Friday, May 6, 2011

The Purpose of the American School System

I'm not and I am speaking of the purpose of education. Today, because of the political focus on education that has charged the American school system with negative energy bent on serving those seeking votes to secure their jobs, we are subjugated to talk of the purpose of the American school system apart from the purpose of education. When we talk of the purpose of the American school system, we are talking of our schools serving the corporate imperative, preparing students to be good citizens--which today varies according to which extreme you are enlisted to defend. When we talk of the purpose of education, we ignore the political structures and the corporate imperative, we ignore the economic status of the United States and the comparisons of state and national standardized, norm-referenced tests designed to classify every child based on a choice between A, B, C, or D. When we talk about the purpose of education, we have to talk about the human factor, the factor of one child, of one future with or without hope, for that is what education gives--HOPE!

Kids come into our schools with their minds bent and twisted by television and Facebook and video games and churches and politicians and moms and dads. I say bent and twisted as opposed to shaped because some of their minds have no discernible shape. Like a garden left unto itself, their minds have grown wild. Their minds have hundreds of bent and twisted branches all gnarled together--largely green, but with scars where one branch rubs against the other in the wind. Largely green, but faded underneath and showing signs of illness and weakness and decay. Suffering from the lack of care. Suffering from freedom that ignores responsibility. The kids come to our schools in this condition and our schools are charged by the corporate imperative to clean up those gardens, to make them all healthy and productive--to produce fruit from acidic soil and the undergrowth.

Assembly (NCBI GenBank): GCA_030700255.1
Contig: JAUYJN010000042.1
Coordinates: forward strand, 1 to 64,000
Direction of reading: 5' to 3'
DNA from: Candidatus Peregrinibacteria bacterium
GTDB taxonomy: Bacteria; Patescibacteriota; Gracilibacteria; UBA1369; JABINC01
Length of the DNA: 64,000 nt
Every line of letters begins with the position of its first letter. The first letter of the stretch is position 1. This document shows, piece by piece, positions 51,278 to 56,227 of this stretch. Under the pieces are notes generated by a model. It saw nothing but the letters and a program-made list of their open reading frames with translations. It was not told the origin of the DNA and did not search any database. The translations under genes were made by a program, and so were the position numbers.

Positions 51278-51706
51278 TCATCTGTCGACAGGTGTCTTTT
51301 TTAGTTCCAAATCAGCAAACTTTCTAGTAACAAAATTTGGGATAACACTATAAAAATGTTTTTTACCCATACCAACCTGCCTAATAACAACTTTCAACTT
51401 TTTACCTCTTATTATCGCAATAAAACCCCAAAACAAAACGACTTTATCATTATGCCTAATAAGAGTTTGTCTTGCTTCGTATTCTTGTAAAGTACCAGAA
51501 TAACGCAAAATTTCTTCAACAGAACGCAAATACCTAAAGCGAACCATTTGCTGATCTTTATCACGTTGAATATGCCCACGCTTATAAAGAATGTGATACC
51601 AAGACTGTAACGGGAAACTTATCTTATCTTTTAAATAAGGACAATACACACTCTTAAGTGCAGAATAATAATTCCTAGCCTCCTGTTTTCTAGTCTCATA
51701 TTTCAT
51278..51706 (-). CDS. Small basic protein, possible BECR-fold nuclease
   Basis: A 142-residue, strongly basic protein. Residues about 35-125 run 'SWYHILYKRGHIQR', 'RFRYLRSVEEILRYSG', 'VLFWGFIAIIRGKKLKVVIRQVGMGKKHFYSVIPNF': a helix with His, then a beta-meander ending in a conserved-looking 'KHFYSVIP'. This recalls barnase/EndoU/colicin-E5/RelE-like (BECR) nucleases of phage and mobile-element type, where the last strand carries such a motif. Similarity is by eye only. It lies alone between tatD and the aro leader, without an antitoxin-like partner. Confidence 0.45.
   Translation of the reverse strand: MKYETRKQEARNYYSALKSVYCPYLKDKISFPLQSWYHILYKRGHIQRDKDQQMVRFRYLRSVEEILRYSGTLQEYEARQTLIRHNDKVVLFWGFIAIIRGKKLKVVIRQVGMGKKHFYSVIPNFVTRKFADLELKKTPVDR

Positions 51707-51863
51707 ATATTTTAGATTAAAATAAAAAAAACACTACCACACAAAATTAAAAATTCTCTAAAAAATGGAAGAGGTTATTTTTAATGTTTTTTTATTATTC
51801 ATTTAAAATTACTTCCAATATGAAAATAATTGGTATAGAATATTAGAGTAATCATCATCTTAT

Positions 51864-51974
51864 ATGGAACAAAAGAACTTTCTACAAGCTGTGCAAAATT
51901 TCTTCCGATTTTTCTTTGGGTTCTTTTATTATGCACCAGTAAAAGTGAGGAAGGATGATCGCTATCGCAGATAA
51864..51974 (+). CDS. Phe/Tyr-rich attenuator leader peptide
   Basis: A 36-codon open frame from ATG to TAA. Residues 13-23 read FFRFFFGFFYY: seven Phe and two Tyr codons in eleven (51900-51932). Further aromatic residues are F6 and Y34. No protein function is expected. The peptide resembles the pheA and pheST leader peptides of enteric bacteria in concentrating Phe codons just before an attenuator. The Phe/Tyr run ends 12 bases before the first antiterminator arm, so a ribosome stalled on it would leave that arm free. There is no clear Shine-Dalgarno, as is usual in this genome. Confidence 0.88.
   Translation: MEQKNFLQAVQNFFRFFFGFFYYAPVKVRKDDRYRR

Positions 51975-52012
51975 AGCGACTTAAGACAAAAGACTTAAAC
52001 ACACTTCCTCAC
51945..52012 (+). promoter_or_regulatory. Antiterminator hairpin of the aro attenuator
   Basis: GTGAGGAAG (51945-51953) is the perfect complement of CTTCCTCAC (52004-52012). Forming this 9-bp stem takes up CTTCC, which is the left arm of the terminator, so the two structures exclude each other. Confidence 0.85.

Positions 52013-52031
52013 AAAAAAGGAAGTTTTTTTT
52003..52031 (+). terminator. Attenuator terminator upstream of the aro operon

The best teachers know that they cannot serve the standardized tests. They cannot serve the corporate imperative. They serve their students. And they do this by caring first about the child. These teachers know that what they have to do is give this child the hope that he can grow straight and strong and be fruitful. People only learn when they have hope. I saw a poster that said something to the fact that wonder and awe were the foundation of learning. Yes, but hope is the foundation of wonder and awe. Without hope, one does not care to wonder and one cannot be in awe. To the hopeless, the awesome is one more reminder that he doesn't stand a chance.

The purpose of the American School System is to serve the corporate imperative. But the purpose of education is to give every child enduring hope. If a child has hope, then he will wonder and be in awe. A child with hope will have a reason to learn and want to learn. And we have never been able to stop a child from learning who wanted to learn. A child who wants to learn no longer needs his teacher, and that is the mark of a great teacher--When a child can learn without dependency on his teacher, the teacher has done his or her job well and deserves all the awards. If a child has a reason to learn, we don't have to worry about the corporate imperative, the corporate tests, measuring and comparing the status of the U.S. against any other country. When a child has a reason to learn, she will learn in spite of corporate America. She will learn in spite of No Child Left Behind. She will learn in spite of Democrats and Republicans and Tea Baggers.

Teachers have to give some attention to the expeditiously evil standardized, norm-referenced, corporate-sating tests. But I urge teachers to work first and foremost from the desire to give every child hope. Every child. Especially those who are most bent and twisted and have the least hope. Give every child hope.

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